Every morning, we compile the links of the day and dump them here… highlighting the big story line. Because there’s nothing quite as satisfying as a good morning dump.
Now it sounds like Isaiah Thomas won’t play for the Cavaliers in 2017, and there’s doubt growing on his availability for his anticipated return to Boston Jan. 3.
Neither Thomas nor the Cavs have announced a definitive date for his Cleveland debut, leaving reporters to ask each day if the next game will be Thomas’ first.
Thomas was out Wednesday in Sacramento, and coach Tyronn Lue was quick to rule him out for Saturday’s game at Utah. Lue then hedged a bit by saying “I don’t know” when asked if he was already sure Thomas wasn’t playing against the Jazz.
For those of you holding onto those Wednesday tickets hoping to see IT’s return… it’s looking more and more like it won’t happen. That means Sunday, February 11 becomes the anticipated Isaiah return date.
Isaiah is both trying to downplay the return while getting hyped up for it. He released this video that chronicles the trade call and his raw reaction.
For fans of Thomas, it’s not an easy thing to watch. It’s also an amazing insight that we never get to see. A guy just found out he’s being traded… and we get to see the immediate roller coaster of emotions that follow.
However, then Isaiah tweets this after people call him out…
Well, Isaiah… you ARE salty about the trade… and that’s OK!
Mike is right. If the situation was reversed we’d be eating it all up.
Facts are facts… Isaiah owned Boston and now he’s second-fiddle to LeBron in Cleveland. He was going to be a legend in the same breath as Larry Bird, Bill Russell, Paul Pierce… he was going to ride a duck boat down Boylston Street…
And now… even if he wins, he’s an asterisk. A footnote to LeBron’s greatness. He’s part of the band of merry men who, 30 years from now, becomes an “oh yeah” part of the discussion.
“Let’s not forget… if Isaiah doesn’t come back healthy LeBron might not win that last championship”
“Oh yeah… maybe…”
For a guy as prideful as Isaiah, there’s ZERO doubt that January 3 was circled on every calendar he could find. He probably found the last Barnes & Noble in Cleveland just to open up all the calendars and circle this date.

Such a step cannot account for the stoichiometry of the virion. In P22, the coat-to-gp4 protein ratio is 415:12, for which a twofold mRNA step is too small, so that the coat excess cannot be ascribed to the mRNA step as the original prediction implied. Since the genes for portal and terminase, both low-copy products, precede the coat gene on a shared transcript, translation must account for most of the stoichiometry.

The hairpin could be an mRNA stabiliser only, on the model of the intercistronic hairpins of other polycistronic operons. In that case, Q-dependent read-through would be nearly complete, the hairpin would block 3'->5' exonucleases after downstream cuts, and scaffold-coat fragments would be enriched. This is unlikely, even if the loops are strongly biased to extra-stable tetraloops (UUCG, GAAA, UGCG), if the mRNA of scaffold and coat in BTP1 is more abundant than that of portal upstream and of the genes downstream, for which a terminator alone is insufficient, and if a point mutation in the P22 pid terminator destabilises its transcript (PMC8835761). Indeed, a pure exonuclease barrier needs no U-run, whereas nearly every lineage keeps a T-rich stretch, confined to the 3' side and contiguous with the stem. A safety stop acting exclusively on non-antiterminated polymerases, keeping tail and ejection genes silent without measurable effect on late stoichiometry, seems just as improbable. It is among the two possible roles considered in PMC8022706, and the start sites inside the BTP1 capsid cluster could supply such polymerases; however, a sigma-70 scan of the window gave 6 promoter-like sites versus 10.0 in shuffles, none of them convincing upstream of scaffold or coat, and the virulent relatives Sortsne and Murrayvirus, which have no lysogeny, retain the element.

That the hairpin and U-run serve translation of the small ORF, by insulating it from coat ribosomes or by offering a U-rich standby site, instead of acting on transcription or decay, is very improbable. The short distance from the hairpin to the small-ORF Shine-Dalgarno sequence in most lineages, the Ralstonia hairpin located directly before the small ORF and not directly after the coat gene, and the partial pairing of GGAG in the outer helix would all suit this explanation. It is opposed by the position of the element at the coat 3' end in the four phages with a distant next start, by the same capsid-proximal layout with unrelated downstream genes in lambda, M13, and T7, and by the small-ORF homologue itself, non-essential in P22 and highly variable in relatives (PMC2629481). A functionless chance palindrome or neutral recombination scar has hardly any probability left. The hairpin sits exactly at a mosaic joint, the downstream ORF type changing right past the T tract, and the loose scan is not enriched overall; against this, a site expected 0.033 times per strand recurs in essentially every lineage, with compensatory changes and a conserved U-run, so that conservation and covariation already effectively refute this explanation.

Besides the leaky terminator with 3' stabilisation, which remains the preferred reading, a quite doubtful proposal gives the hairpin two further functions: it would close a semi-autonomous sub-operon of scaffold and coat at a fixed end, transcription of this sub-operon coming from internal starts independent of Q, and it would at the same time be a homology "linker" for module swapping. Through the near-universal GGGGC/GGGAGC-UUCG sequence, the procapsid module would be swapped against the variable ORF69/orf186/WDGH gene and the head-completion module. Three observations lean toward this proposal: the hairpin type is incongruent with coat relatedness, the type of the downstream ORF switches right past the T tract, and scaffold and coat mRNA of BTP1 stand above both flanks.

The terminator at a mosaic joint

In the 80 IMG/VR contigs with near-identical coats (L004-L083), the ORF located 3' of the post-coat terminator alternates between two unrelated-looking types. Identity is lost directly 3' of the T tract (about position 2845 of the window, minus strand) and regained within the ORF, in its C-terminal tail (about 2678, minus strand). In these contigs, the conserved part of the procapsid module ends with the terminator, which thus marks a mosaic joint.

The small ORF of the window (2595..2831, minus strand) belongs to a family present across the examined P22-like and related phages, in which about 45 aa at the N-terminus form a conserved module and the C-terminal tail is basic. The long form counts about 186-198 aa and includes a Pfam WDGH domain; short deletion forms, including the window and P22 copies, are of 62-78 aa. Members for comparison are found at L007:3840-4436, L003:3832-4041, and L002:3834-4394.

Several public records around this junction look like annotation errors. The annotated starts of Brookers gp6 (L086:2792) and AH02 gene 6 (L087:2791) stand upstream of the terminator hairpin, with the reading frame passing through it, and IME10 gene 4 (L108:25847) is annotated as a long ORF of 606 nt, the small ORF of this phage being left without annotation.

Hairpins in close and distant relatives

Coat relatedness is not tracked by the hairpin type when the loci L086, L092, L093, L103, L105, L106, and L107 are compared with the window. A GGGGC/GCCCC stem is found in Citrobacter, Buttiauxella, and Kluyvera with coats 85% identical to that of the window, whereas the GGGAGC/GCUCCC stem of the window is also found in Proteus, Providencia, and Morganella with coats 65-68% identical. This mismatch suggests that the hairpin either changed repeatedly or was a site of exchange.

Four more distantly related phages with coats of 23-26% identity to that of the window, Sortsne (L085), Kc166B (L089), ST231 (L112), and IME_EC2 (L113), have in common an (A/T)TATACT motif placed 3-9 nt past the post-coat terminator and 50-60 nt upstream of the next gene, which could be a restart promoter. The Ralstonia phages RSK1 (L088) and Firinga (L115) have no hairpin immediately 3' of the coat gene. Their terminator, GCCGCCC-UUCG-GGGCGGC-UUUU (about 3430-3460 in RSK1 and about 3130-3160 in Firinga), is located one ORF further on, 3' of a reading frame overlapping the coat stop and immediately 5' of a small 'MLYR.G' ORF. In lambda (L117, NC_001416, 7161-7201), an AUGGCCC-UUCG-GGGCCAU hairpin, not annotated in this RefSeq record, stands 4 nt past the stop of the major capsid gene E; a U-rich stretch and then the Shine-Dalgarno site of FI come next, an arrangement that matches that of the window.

Of course he wants revenge. He’s dying for it. The way things are playing out, though, he’s going to have to wait a while longer.
Page 2: Kyrie trusts Brad to manage his minutes
“Just patient, man, it’s the best way to be,” Irving told reporters. “It’s definitely a learning experience for me because that’s a time where I was afforded when I was in Cleveland to be able to kind of tell (Tyronn) Lue and tell the other coaches, ‘I’m ready to go in.’ And that was kind of on my end.
“And coming into the environment I’m in with (Celtics head coach) Brad (Stevens), and understanding his intellect of the game, and being able to trust what we have going on, and what’s going on throughout the game — not that I didn’t trust what was going on before, but for me it’s just been where I have to be patient, and my impact on the game is felt a little bit different. So there are some times where I want to push the pedal to the metal and go back out there and just — but whatever’s needed, I’m willing to do for the team. And I know Brad will echo the same thing, so I trust what he’s got going on.”
This is an interesting dynamic revealed by Kyrie. It tells us a lot about how the two coaches approach things.
Flatly put, one coach lets the players have control, the other has control himself.
It’s hard to blame Lue for putting it on his players. He’s got LeBron, and Lue will ride him and his whims to a monster coaching record and guaranteed post-Cavs jobs down the road.
Stevens, though, has a plan. I’m sure he and the players talk… especially the great players like Kyrie and Al Horford who have feels for the game that a non-player doesn’t. But Stevens’ MO is simple: gather data, analyze the data, execute a plan based on those results.
Stevens grasps the nuance of “gut feelings” and will ride out certain things longer than usual if they are working out well, but he’s very stringent on following the leads wherever they bring him. When it comes to minutes, the Celtics have a plan to manage them until this brutal schedule thins out.
It says a lot of Kyrie that he’s not up in Stevens’ face saying “I’m ready now. NOW!” He understands the dynamic and he’s pretty much bought in. It’s important for him to vocalize this because, as Doc Rivers said of Kevin Garnett, when your best player buys in, it’s easier to get everyone else to.
We hold Stevens up on a very high pedestal, but the players still have to buy into things like reduced minutes during stretches where the team isn’t playing particularly well. Kyrie could gripe about it, but he’s not, and that’s important.
Related links: NBCS Boston: For Kyrie Irving, the move from Cleveland to Boston has been a learning experience
Our old buddy Rajon Rondo dropped 25 ASSISTS last night:
As Rondo gains more comfort with his new team — and its unusual lineup featuring two dynamic All-Star big men — his ability to recognize mismatches and put talented scorers in advantageous spots could be exactly what New Orleans needs.
Rondo set a franchise record with a career-high 25 assists in just 30 minutes on the court, Anthony Davis had 33 points, 11 rebounds and six blocks, and the Pelicans beat the Brooklyn Nets 128-113 on Wednesday night.
Here they are… a few are… generous.
Only 7 players in NBA history have done this (Scott Skiles, John Stockton, Jason Kidd, Kevin Johnson, Nate McMillan and Isiah Thomas). Yeah, maybe he’s an assist hunter, but I can think of worse things than guys waiting until they find a guy with a chance to score.
The rest of the links: